Pentagon Payola Retired Generals' TV Grift

Pentagon Payola Retired Generals' TV Grift
April 22nd, 2008  
Team Infidel

Topic: Pentagon Payola Retired Generals' TV Grift

Pentagon Payola Retired Generals' TV Grift
New York Post
April 22, 2008 By Ralph Peters
EVEN The New York Times gets it right once in a while. On Sunday, the Times published a lead article about a genuine military-related scandal: propagandizing on TV by retired military officers who take defense-contractor blood money or toe the Pentagon party line.
The sole fault I can find with the piece is that the rogues' gallery of faces on the front page failed to distinguish between the good, the bad and the ugly - between genuine men of conscience, and scoundrels who'd sell their underage daughters for three cents on the dollar.
The article described - accurately - how many retired-military talking heads conceal business ties to the defense industry, or are willing to parrot Pentagon agitprop in return for the illusion of privileged access.
(For the record, I take no defense-industry payola - I'd rather empty cesspools with a straw - and I'm proud to have been unwelcome in the Rumsfeld-era Pentagon.)
Officers who trade on their former service and knowingly deceive the American people to increase their chances of winning defense contracts for the firms they represent disgrace the uniforms they wore. Period.
Ken Allard, a retired Army colonel and a good man I'll vouch for, pointed out in the Times article that it was sometimes enough just for the Pentagon's cynical commissars to make retirees feel important, to give them a sense that they were still players. For other talking heads, pleasing the Pentagon is strictly mercenary.
Does a retired general or admiral with a pension of over $100k a year really need to sell himself as a huckster for the wares of Daddy Warbucks? Isn't that 5,500-square-foot house enough, General? Do you really need the 9,000-square-foot house?
As I've argued in past columns, whenever any military retiree appears as a TV talking head, the crawl at the bottom of the screen should list his corporate affiliations. Viewers need to know who's really paying the "expert's" bills, since a retired officer cashing checks from a corporation profiting from Iraq or Afghanistan is hardly an objective observer - even if he thinks he is.
And any talking head who relies on Pentagon talking points should have to disclose it. Besides, any analyst who needs Pentagon coaching is worthless - the way you get real information is by going out to see things first-hand (not on Pentagon-organized junkets, either), or through trusted friends and acquaintances in uniform.
One of my many eye-roller experiences went down in a cable-news green room: A retired general whined that his Air Force counterpart got his talking points hours before the Army could deliver. That show might as well have called in an official Pentagon spokesman - at least the viewers would've known what they were getting.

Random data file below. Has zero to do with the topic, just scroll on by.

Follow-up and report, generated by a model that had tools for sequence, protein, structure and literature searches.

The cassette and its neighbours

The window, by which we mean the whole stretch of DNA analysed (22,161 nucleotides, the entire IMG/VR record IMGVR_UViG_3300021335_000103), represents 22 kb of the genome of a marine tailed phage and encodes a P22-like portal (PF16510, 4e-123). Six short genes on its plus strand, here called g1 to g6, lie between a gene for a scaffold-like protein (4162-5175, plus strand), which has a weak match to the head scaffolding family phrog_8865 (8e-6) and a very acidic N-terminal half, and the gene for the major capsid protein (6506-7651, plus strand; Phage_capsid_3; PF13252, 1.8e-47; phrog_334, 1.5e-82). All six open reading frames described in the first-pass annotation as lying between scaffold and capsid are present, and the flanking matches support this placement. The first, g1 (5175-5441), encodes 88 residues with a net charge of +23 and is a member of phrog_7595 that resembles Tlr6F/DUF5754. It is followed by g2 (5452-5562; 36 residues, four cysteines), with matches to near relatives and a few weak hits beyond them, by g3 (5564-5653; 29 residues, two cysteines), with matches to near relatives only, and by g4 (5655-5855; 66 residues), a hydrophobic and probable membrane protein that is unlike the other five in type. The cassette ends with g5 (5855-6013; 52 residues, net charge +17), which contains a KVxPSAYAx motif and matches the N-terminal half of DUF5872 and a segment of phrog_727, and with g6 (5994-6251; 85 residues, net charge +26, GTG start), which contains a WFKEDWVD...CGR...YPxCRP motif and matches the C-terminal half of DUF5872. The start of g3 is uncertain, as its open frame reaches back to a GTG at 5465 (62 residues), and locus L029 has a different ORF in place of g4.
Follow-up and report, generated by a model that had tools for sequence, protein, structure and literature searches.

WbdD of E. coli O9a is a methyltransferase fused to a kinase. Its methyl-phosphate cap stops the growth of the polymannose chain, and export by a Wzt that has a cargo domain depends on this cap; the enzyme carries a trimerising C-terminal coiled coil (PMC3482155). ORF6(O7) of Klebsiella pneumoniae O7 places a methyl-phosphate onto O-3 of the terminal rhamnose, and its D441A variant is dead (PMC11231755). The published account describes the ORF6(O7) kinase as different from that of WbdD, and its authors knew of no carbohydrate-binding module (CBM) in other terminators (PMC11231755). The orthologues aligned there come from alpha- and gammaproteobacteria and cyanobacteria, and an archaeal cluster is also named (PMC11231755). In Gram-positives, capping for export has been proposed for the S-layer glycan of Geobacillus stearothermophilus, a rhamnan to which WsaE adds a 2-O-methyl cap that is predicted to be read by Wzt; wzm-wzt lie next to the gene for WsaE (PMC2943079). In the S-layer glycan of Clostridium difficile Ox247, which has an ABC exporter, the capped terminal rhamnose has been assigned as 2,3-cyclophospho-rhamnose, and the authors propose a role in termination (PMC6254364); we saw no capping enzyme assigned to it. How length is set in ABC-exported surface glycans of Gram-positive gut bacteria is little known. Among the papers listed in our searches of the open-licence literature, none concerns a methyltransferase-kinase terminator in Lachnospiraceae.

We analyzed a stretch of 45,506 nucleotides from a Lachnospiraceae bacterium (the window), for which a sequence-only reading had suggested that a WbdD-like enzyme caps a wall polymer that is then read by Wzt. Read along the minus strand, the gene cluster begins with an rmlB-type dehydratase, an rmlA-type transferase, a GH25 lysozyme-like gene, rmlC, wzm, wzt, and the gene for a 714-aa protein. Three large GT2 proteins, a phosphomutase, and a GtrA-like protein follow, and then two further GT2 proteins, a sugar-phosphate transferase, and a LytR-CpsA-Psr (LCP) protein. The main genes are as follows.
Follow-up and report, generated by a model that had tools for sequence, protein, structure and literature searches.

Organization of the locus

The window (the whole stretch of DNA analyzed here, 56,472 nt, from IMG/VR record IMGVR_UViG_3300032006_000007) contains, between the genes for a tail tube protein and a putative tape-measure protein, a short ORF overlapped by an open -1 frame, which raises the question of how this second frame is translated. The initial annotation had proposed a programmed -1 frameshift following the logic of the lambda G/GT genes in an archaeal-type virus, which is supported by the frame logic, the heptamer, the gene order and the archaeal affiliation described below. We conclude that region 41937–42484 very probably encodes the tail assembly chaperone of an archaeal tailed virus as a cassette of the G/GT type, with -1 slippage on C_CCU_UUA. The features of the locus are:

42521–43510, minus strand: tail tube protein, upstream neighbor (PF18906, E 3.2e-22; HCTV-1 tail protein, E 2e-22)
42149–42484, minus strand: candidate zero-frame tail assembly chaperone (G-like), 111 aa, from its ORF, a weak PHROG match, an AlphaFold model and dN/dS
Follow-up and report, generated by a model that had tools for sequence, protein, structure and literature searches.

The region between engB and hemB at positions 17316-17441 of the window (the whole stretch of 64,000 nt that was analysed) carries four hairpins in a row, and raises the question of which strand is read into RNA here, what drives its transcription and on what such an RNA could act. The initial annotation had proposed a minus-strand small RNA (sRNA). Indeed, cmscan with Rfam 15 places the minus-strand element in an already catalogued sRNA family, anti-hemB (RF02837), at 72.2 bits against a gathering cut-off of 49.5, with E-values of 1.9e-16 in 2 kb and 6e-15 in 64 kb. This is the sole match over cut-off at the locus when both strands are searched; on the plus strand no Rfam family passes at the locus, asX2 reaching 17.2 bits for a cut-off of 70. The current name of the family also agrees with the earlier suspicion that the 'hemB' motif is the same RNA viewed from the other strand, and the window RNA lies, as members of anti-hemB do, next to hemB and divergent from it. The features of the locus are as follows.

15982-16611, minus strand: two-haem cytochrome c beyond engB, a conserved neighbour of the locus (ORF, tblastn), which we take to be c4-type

The rules are simple, folks: If you work for a defense contractor, run a defense "consulting" firm or collect a check for sitting on a defense-industry board, you're tainted. And if you pull your punches to preserve worthless access to stage-managed Pentagon briefings, you're a coward.
Many military-retiree talking heads - including some I consider friends - will disagree with me. But I just don't think you can serve two (or three or four) masters. You're either a serious analyst or a corporate slut. A chance to appear on TV or radio to share your views with the American public is a great privilege. If you lie for personal advantage, you're vermin.
Gullible retirees who mistake a quickie lunch in the SecDef's dining room for true love are the lesser issue here. The crucial problem lies in the ethically appalling relationships between retired senior officers, the Pentagon and the defense industry. That's what the Times - and other media outlets, right and left - really should go after.
I can't sum up the situation any better than I did in The Washington Monthly in 1999:
"Anyone who has served in the Pentagon has slipped on the slime trails that retired generals and admirals leave in their wake as they navigate the hallways bearing a defense contractor's business card with their name on it.
"The employment of retired senior officers by the nation's largest, increasingly monopolistic defense contractors is a scandal costing the taxpayer hundreds of billions of dollars, and it may cost troops their lives. These men wear flags upon their lapels, but their minds are on the money. Their actions are not illegal because we have legalized corruption."
Contrary to defense-industry lies, retired generals aren't hired for their expertise. They're hired for their connections. It's Baghdad with Brooks Brothers suits.
Ever wonder why so few military pundits criticized Defense Secretary Don Rumsfeld, no matter what he screwed up? Or why they savaged honorable men, such as Maj.-Gen. John Batiste and Gen. Anthony Zinni, when they criticized the Iraq War's prosecution? Or why virtually none of those high-ranking talking heads would criticize Blackwater's thugs after they massacred Iraqi civilians in downtown Baghdad?
The answer is that the generals were for sale.
Ralph Peters is a retired US Army officer.

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